5 myths about the definition of privacy you probably believe
The definition of privacy is straightforward in theory, but more complicated in reality. Constant advances in technology have drastically altered our online experience. Today, we go online not just to research and work, but to shop, explore, connect, and express ourselves. In the process, we end up sharing an enormous amount of data — data that contains insights into who we are and how we live.
As a result, our culture’s definition of privacy has become increasingly more nuanced and complex. Like most things internet-adjacent, privacy online is a gray area. On one hand, defining privacy loosely allows for more fluidity and possibility; on the other hand, however, it can cause confusion and perpetuate misconceptions.
It’s hard to know what to believe when there are so many myths surrounding the definition of privacy. These are five of the most common ones:
Only criminals have to worry about online privacy
Deleting cookies improves your privacy
Closing apps protects your privacy
Using private or incognito mode offers maximum privacy
You don’t really have any control over your privacy online
Consider how the following myths have shaped your definition of privacy.
Myth #1: Only criminals have to worry about online privacy
It’s a common misconception that individuals who engage in suspicious or criminal behavior online are the only people who have to worry about privacy. Privacy, however, is a universal concern. Just because you have nothing to hide doesn’t mean you’re invulnerable to privacy breaches.
Many companies today use your personal information in ways you may not be comfortable with. Websites and apps can monitor your digital behavior, for example, gather data on your location, habits, and preferences, then use this data to generate a profit, either by sending you targeted ads or selling your data to third parties. This type of data tracking can feel invasive and frustrating, especially if you don’t consent to it.
Myth #2: Deleting cookies improves your privacy
Cookies, small data files stored by your local web browser, contain a wealth of information about your online behavior, including your favorite websites, search history, and login information. You might assume, then, that deleting your cookies increases your privacy by making it more difficult for companies to track you. Unfortunately, this isn’t necessarily the case.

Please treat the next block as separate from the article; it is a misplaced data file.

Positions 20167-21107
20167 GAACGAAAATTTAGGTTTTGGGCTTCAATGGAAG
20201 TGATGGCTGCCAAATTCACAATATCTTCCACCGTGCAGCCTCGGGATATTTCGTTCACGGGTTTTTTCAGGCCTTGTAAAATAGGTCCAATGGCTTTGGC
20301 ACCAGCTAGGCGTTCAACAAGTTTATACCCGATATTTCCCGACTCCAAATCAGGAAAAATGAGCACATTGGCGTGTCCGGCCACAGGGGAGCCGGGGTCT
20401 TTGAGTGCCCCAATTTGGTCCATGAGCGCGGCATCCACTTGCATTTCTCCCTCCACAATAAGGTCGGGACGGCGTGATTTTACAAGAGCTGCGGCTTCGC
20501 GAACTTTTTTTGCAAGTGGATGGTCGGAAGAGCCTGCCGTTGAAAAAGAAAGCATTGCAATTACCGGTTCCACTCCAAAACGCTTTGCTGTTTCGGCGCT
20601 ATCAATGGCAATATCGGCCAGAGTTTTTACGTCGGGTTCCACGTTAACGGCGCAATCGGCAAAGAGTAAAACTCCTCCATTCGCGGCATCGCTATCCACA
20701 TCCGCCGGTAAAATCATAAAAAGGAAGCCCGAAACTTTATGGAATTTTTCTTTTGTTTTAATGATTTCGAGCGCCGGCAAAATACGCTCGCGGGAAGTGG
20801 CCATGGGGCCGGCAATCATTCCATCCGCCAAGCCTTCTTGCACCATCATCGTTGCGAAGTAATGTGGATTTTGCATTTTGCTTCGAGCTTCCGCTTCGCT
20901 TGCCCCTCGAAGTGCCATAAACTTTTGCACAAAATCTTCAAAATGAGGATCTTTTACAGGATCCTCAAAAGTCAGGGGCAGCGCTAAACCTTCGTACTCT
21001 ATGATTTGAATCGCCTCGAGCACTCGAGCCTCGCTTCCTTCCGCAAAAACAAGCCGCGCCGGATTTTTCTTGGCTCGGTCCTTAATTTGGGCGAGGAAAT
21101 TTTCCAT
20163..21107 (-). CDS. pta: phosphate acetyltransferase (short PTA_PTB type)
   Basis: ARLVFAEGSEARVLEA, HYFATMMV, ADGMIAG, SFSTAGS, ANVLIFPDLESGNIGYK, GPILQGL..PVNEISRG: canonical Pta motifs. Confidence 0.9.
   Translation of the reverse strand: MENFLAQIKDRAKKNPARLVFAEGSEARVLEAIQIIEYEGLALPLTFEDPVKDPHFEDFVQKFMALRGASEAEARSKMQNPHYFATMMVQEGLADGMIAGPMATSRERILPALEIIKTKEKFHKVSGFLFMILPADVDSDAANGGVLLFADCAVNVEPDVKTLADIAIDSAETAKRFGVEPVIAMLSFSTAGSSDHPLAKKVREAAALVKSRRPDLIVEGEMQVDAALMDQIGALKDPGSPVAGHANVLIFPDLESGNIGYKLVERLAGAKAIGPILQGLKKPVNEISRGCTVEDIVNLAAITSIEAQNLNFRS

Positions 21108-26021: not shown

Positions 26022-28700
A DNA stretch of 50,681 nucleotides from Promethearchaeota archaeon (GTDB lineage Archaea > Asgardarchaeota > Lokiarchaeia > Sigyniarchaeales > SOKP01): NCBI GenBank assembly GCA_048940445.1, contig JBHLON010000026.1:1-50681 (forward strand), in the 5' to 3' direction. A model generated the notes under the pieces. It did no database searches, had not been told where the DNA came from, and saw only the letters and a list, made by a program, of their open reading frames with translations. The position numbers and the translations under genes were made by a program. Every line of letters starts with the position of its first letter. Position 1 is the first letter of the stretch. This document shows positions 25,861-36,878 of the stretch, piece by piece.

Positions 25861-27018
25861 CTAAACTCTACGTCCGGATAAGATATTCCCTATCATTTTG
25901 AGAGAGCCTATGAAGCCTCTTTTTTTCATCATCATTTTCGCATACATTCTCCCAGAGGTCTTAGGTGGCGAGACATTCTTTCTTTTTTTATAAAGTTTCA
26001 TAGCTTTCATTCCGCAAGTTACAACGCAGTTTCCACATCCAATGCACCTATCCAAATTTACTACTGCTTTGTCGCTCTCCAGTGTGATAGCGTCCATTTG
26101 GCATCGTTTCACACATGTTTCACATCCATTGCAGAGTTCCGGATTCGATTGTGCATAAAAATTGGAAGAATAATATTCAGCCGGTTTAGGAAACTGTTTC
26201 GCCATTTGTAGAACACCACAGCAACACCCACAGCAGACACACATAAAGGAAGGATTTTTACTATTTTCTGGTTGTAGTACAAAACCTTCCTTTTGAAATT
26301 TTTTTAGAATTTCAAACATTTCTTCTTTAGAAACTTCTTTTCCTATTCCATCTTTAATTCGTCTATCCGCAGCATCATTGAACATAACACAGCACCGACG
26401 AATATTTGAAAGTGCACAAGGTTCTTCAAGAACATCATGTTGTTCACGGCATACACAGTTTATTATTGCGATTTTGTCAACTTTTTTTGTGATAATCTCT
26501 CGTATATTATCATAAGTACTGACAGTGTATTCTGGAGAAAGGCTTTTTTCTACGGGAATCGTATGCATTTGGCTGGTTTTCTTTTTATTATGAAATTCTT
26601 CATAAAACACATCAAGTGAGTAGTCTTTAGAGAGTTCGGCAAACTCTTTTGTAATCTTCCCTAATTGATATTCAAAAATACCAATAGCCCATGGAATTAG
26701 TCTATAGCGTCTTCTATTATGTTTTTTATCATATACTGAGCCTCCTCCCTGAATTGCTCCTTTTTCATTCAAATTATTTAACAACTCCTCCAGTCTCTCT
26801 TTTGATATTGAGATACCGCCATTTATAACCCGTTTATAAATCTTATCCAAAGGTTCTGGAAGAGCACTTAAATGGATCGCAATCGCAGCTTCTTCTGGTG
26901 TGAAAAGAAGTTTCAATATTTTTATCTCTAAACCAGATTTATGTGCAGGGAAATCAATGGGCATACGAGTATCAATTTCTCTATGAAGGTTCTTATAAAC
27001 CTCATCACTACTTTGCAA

You can delete your cookies, but they’ll likely just be reconstructed unless you change certain browser settings and delete your cache and history as well. Disabling cookies and resetting your browser doesn’t protect your device from fingerprinting, though.
Companies and internet service providers (ISPs) can still gather information on your browser type, operating system, time zone, screen resolution, and plug-ins even without cookies. These unique details come together to form your device’s fingerprint, which can then be used to identify you.
Myth #3: Closing apps protects your privacy
Most apps disclose the fact that they’re gathering your data when you use them. What you may not know, however, is that certain privacy definitions allow these apps to access your data even when you’re not using them. In other words, closing an app on your device doesn’t necessarily guarantee your privacy.
Many apps, for example, are automatically set to track your location at all times, including when the app is closed. Though the most common location tracking apps are GPS-related, there are plenty of other ones that demand access to your whereabouts, including weather apps, ride sharing apps, news apps, restaurant reservation apps, travel apps, and hotel booking apps. Unless you actively disable these settings, you could be unknowingly sharing sensitive personal data with businesses and advertisers, whether you want to or not.